• Some of the nuances to link building were not well versed. Of course Google sometimes rolls in almost random penalties and lots of concepts that may change over time. It is hard to be exceptionally in depth on the latest techniques and go through the whole publishing process.

How else our guides differ:

Process: Dan covers the importance of process. I do not stress that in my ebook. My philosophy is that it is easy to get stuck in ruts and the things you do should be efficient and flexible. Proccess makes some things efficient, but you should also spend a good amount of time doing unique things. Creative or original ideas do well on the web. I also think it is important to learn markets and learn how to react quickly.

Freshness: His book was crafted in a manner to where it would not go out of date in a day. That also means that it is not going to be able to go as far in depth on some issues and cover some of the newest techniques.

Target audience:
His book seems to be more focused on those aiming to sell SEO services. My book seems more focused on those who are aiming to buy services. We both overlap in covering those who want to do services on their own sites.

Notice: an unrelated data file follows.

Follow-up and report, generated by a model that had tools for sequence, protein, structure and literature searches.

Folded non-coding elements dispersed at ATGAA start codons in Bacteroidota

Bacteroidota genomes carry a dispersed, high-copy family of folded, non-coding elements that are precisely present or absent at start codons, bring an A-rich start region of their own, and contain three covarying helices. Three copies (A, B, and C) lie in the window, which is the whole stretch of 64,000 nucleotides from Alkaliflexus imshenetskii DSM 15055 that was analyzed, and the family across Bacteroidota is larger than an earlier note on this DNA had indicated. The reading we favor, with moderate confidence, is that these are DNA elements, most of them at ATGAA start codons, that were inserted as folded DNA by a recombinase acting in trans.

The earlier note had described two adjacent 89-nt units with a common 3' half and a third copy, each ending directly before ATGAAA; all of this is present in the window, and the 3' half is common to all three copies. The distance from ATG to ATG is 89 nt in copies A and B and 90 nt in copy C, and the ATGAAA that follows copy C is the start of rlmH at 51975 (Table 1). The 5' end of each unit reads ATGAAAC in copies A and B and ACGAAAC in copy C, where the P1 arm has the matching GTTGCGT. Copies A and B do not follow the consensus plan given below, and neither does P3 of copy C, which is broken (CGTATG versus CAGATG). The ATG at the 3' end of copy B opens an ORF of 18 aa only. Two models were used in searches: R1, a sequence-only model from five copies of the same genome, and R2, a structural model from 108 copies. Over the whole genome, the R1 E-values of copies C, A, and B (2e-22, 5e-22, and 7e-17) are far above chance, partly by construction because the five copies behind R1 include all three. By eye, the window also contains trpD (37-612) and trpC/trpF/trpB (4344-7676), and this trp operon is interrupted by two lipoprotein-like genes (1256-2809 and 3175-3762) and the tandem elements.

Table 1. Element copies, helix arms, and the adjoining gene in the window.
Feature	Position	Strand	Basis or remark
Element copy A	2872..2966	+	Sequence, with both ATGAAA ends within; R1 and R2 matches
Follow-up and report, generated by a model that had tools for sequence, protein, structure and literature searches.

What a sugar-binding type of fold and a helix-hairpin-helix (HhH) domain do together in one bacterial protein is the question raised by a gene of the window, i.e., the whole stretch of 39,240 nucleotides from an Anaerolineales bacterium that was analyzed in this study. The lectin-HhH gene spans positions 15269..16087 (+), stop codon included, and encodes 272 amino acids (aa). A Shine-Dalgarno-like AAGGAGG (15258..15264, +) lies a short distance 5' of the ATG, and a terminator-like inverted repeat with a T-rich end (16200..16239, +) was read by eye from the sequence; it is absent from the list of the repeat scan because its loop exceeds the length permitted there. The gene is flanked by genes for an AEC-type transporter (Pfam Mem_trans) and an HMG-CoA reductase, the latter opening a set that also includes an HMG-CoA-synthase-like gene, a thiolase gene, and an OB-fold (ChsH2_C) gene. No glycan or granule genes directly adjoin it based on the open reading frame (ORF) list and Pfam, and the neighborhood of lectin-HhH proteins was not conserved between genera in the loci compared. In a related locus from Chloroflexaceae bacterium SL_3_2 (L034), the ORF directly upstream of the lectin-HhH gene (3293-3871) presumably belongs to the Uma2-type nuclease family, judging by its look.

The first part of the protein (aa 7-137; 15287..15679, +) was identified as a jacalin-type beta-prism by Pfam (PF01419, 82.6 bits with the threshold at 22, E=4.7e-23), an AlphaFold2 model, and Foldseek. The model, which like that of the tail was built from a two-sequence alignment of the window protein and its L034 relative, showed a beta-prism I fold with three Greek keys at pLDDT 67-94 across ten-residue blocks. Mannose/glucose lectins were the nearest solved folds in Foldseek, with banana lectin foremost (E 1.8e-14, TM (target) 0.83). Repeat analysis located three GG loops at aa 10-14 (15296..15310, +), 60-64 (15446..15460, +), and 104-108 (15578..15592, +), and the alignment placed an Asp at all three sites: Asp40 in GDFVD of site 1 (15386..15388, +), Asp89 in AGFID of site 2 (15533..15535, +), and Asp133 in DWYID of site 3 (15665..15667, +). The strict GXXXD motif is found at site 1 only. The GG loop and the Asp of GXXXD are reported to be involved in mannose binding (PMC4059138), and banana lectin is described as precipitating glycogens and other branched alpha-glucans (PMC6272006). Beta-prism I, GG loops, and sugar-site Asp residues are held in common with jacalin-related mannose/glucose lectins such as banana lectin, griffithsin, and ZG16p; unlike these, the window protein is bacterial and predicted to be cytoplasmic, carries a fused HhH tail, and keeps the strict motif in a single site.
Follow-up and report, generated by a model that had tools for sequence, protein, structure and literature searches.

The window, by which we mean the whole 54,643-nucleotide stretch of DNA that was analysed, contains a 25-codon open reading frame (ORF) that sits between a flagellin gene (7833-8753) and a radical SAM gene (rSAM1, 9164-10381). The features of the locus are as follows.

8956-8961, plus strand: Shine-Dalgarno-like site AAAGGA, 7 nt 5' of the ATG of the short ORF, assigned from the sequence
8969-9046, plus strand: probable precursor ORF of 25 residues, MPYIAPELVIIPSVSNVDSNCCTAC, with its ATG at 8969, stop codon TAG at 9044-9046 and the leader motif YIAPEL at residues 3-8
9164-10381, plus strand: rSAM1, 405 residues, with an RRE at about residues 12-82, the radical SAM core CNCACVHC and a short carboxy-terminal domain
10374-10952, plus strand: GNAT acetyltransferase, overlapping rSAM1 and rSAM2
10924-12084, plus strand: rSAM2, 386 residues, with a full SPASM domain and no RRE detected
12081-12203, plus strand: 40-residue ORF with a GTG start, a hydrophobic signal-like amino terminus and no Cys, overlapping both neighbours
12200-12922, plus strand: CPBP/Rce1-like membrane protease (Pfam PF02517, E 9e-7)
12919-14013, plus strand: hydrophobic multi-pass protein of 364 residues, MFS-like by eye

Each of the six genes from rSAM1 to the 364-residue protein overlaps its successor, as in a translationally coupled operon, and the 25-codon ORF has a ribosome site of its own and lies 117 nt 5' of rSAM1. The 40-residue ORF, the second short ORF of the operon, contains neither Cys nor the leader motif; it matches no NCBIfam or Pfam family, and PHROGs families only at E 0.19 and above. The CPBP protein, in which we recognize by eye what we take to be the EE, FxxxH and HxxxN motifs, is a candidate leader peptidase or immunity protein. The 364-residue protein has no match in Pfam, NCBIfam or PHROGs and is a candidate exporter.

Generally I do not like selling SEO services as a business model. SEO is a flooded marketplace with a ton of scams in it. Most of the prospective clients have other problems and some view SEO as free money. It may sound arrogent to say that over 90% of the prospective leads are no good, but client greed and the invisiblity of the job make it hard to land clients worth working for unless you are smooth at salesmenship. If you already know how to sell stuff why not create your own products and sites?